“Well they don’t wear black and white stripes in the penitentiary these days.”
James points to his laptop, “We still have this card to play.”
Nancy, “Well that card is a joker.”
James, “The joker is a wild card. Nancy, you’ve done enough for one night. Maybe you’ll think of something tomorrow. Let’s finish the PowerPoint slides and call it a night. We will work on the narration tomorrow.”
Yolanda comes over at night.
“Hi Nancy. Where’s James? I’ve got some stuff in the car.”
“I’ll help you with it. James is cleaning the bathroom. The one advantage of his crazy plan is it has gotten him to do some cleaning. If I’m lucky he’ll end up cleaning the whole house before it’s over.”
Nancy makes a coffee. After she pours the two cups Nancy writes down on a yellow pad; “Coffee Cups Catering - $20.”
Later, Nancy writes on the pad; “Cold Things Materials - $100.” Nancy hears James humming Santa Luchia for a movie scene, she smiles and writes; “Singing Mummy Sound Effects - $1,000.”
Later Nancy snickers as she writes on her pad:
Helga Heine – Marie A. Ritter
Kendo Nakamura –
Acme Dance Troupe
Nancy thinks where can she come up with some Japanese names. Nancy types on her cell phone: “Godzilla 1954 Cast.”
Animation made with PowerPoint
That night as Yolanda, James, and Nancy drink coffee. Nancy writes “Coffee Cups Catering - $30” on her pad.
James, ‘I’ll tell you what we’re going to need.”
Nancy, “A plot?”
James, “We need someone to be the hero.”
Nancy, “Ok, since I’m in this far I may as well. I’ll do it.”
James, “We could certainly use another character but, you don’t have the look of an action/adventure heroine.”
Nancy, “What? You’re supposed to be a billionaire, supervillain with her as a mistress and she is supposed to be a criminal mastermind and I don’t have the look of an action/adventure heroine? Since when have you become choosy about casting?”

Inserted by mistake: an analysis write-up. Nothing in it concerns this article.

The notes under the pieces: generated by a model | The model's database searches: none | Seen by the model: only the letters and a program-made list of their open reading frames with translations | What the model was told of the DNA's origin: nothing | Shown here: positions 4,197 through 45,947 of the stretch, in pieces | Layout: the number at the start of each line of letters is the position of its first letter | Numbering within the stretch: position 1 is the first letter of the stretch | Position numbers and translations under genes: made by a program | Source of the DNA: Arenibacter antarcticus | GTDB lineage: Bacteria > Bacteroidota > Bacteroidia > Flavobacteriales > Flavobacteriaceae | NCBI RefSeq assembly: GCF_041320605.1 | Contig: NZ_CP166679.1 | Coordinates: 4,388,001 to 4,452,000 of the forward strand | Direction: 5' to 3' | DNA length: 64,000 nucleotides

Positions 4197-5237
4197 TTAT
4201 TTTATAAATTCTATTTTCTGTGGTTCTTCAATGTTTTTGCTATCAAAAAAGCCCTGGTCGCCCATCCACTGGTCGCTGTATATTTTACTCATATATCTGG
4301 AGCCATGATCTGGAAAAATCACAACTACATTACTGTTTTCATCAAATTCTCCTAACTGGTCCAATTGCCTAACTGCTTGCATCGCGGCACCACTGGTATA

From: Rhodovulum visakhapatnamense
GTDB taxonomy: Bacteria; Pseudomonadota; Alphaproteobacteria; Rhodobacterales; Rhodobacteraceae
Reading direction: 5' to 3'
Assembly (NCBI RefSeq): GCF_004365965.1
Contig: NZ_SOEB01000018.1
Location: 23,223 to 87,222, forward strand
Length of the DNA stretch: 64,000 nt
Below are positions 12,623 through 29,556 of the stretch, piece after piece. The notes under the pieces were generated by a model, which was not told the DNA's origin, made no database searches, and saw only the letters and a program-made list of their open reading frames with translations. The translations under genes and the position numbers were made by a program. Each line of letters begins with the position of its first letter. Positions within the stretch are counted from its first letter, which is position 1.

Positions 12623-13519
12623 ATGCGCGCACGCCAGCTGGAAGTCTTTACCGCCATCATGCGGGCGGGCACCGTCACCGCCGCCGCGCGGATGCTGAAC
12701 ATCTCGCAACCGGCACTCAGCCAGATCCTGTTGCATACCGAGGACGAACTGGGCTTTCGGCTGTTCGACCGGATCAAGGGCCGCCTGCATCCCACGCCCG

James, “You just don’t have the look.”
Nancy, “I have the perfect look for this script, dollar store special effects and overall production value.”
Yolanda, “I think I could get some people from the acting class I teach who would be just right for the part.”
Nancy, “You, teach acting?”
Yolanda, “Yes, yes, I do.”
Nancy, “Did anyone who took your class ever get a job acting?”
Yolanda, “Yes, one was in a local commercial and two got casted as extras.”
James, “The important thing is you can get them.”
Yolanda, “Yes, and more important I’ll talk them into working for free.”
Nancy, “No, you have to pay them.”
Yolanda, “What, why?”
Nancy, “For two reasons. If someone asks where the money went, free acting is a good indicator we’re running a scam.”
Yolanda, “Oh, how much?”
Nancy, “What’s the scale for a $12 million film?”
Yolanda, “Scale for a $12 million film?”
Nancy, “That’s how much we say the budget is?”
Yolanda, “That’ll soon be more than they paid me for lessons.”
Nancy, “Whatever you charged them you overcharged them. Now you get to overpay them.”
Yolanda, “Is that your second reason?”
Nancy, “No, actually it’s a third reason. By doing this we are helping in a swindle. Enough people, including me and James, are getting swindled without adding more to the list.”
Yolanda, “Should we hold a casting call?”
James, “For your students and alumni?”
Yolanda, “Yes, it would give my acting classes more credibility.”
Nancy, “One local commercial, two extra jobs, and a phony casting call. Great credentials.”